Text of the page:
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>> all time favorites. when i was in the ninth grade, i went, because i loved basketball. would be the entertainment after our evening meal. and that was the songs that i'd sang. songs off that album of dolly's. later on, got to meet dolly. she is just a wonderful, wonderful person. ♪ because you're mine ♪ i walk the line >> "walk the line." johnny was one of the first concerts i ever saw. my dad took my brother and i to see johnny. i think it was probably 7 or 8. it was a pretty memorable experience. my mom was into evererly brothers and neil diamond so in the middle of all of that, i sort of started making music. ♪ i'll just keep on falling in
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love ♪ >> "until i get it right" by tammy. she was a hottie. and one 0 the most beautiful women alive and yet had the most vulnerable, tender heart. she was a real combination of different things. like a wounded bird. she was the kind of woman, you never forgot who she was and where she came from. she was a hairdresser, and she still had a hair salon in her home when she passed. ♪ crazy for thinking that my love ♪ >> i think every girl singer loves to sing "crazy" by patsy cline. that was one that i looked forward to singing. my dad is a farmer and had a country band as a hobby. rehearsing in the living room with his band and teaching me songs and, we could sing in church and at different events. he would play guitar and i would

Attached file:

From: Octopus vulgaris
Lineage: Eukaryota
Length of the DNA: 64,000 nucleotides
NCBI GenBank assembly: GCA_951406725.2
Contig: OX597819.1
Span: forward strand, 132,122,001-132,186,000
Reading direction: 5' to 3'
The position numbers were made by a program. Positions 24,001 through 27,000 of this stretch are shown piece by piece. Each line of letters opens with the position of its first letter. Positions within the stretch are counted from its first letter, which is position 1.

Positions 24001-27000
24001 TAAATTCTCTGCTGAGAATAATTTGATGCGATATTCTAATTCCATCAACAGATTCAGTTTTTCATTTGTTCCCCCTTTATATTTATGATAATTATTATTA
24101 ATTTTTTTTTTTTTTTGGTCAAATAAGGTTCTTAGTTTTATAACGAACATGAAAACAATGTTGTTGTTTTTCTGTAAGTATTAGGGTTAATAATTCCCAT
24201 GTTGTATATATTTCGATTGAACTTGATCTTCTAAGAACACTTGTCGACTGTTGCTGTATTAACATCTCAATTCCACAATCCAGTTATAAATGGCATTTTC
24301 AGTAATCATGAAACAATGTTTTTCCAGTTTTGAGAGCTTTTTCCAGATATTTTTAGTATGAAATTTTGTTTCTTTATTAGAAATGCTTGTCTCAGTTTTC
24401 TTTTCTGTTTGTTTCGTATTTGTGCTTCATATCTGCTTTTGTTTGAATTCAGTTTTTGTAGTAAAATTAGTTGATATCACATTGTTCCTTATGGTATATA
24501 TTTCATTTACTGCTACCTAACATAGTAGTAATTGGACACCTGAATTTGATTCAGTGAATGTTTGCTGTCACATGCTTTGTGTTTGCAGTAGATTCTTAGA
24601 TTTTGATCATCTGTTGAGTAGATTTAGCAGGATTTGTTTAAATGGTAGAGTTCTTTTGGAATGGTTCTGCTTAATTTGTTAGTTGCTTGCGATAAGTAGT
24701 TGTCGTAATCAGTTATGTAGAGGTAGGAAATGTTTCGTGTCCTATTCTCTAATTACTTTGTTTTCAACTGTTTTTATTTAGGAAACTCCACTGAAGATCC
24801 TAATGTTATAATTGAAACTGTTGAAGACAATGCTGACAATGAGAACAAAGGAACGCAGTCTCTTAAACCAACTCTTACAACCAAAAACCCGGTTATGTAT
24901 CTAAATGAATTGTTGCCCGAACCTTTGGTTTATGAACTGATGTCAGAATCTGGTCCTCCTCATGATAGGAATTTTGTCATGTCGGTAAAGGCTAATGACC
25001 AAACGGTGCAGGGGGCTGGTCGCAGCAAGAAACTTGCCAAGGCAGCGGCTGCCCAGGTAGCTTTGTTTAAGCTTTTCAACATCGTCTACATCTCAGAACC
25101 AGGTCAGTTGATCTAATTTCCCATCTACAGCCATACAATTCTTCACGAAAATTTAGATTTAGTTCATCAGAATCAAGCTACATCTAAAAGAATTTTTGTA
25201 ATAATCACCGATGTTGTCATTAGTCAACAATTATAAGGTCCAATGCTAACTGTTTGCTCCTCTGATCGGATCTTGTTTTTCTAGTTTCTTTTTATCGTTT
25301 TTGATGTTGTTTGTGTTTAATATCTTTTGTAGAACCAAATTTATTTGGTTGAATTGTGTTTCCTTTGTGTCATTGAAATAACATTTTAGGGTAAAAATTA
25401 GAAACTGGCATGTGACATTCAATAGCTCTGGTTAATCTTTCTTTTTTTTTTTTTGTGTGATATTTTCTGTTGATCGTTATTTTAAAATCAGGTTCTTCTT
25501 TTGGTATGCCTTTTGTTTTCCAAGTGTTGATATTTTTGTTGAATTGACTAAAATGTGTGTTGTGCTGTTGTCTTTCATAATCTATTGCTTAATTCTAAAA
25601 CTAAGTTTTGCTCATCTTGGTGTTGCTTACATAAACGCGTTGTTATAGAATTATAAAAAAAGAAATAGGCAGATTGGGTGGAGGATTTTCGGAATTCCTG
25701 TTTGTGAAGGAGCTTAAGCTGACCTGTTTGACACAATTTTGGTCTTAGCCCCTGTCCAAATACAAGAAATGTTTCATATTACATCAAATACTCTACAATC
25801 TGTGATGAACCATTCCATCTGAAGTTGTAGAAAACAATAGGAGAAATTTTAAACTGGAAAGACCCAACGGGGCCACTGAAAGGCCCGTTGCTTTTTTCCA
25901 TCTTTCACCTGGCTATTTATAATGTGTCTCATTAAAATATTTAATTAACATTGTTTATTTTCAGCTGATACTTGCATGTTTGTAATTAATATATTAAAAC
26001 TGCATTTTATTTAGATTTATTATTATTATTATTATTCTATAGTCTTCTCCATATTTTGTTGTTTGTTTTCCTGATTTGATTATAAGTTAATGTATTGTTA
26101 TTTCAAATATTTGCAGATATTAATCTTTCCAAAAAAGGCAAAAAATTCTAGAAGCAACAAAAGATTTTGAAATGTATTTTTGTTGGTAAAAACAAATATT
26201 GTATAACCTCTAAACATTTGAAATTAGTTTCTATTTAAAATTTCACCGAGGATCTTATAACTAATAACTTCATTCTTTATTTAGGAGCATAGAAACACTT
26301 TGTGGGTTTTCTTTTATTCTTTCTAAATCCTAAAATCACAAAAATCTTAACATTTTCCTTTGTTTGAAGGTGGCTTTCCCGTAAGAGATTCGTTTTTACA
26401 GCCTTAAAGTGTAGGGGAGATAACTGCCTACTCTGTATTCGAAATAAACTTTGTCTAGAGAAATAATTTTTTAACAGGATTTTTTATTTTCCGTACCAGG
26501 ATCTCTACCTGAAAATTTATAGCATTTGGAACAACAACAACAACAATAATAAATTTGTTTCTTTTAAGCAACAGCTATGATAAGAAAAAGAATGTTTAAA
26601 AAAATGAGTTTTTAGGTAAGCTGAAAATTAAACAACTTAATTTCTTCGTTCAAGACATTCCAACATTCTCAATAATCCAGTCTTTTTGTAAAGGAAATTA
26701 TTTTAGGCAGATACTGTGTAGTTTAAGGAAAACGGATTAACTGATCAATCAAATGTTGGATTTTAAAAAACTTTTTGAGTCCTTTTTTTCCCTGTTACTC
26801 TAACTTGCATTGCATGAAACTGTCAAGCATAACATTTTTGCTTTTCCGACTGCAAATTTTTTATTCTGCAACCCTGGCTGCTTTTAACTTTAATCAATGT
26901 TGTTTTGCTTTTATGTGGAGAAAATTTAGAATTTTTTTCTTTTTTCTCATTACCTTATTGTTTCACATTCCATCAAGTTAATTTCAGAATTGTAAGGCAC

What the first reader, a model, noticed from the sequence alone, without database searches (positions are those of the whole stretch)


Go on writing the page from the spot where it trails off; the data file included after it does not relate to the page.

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sing. it was just something that we did together. my little brother played guitar. my mom ran the sound board. i'm really grateful when he included me. it could have been his thing that he went out and did by himself, but by including the kids in it, you know, just really gave me a great start and great outlet to perform. ♪ because i can't make you love me if you don't ♪ >> i've been listening to bonnie raitt since i was in high school. there was a lot of her songs that influenced me. it was the song that everybody loved that i loved, too. that's one of the songs that, you know, i don't know, 16, 17 years later still is an amazing song. and she has become not only just a great artist influence, but a good friend. she's been the poster child for being yourself and being true to your music. ♪ looks like i've got a tiger by
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the tail ♪ >> the first musical memory of song is buck owens, "tiger by the tail." when i was a kid, they played that. it's got the thing that kids love, whatever it was that buck did, that train beat, that thing which was that sort of -- ♪ i've got a tiger by the tail ♪ it's plain to see and they would play that record on the stair owe at home and i would run around in circles until i fell down. ♪ so turn it on ♪ turn it up ♪ and sing along ♪ this is real ♪ this is your life ♪ and a song ♪ yeah this is country music >> jimmy: tonight, chris pine, danica patrick, music from black
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shelton and national unfriend day is only one week away. tonight, we fire up the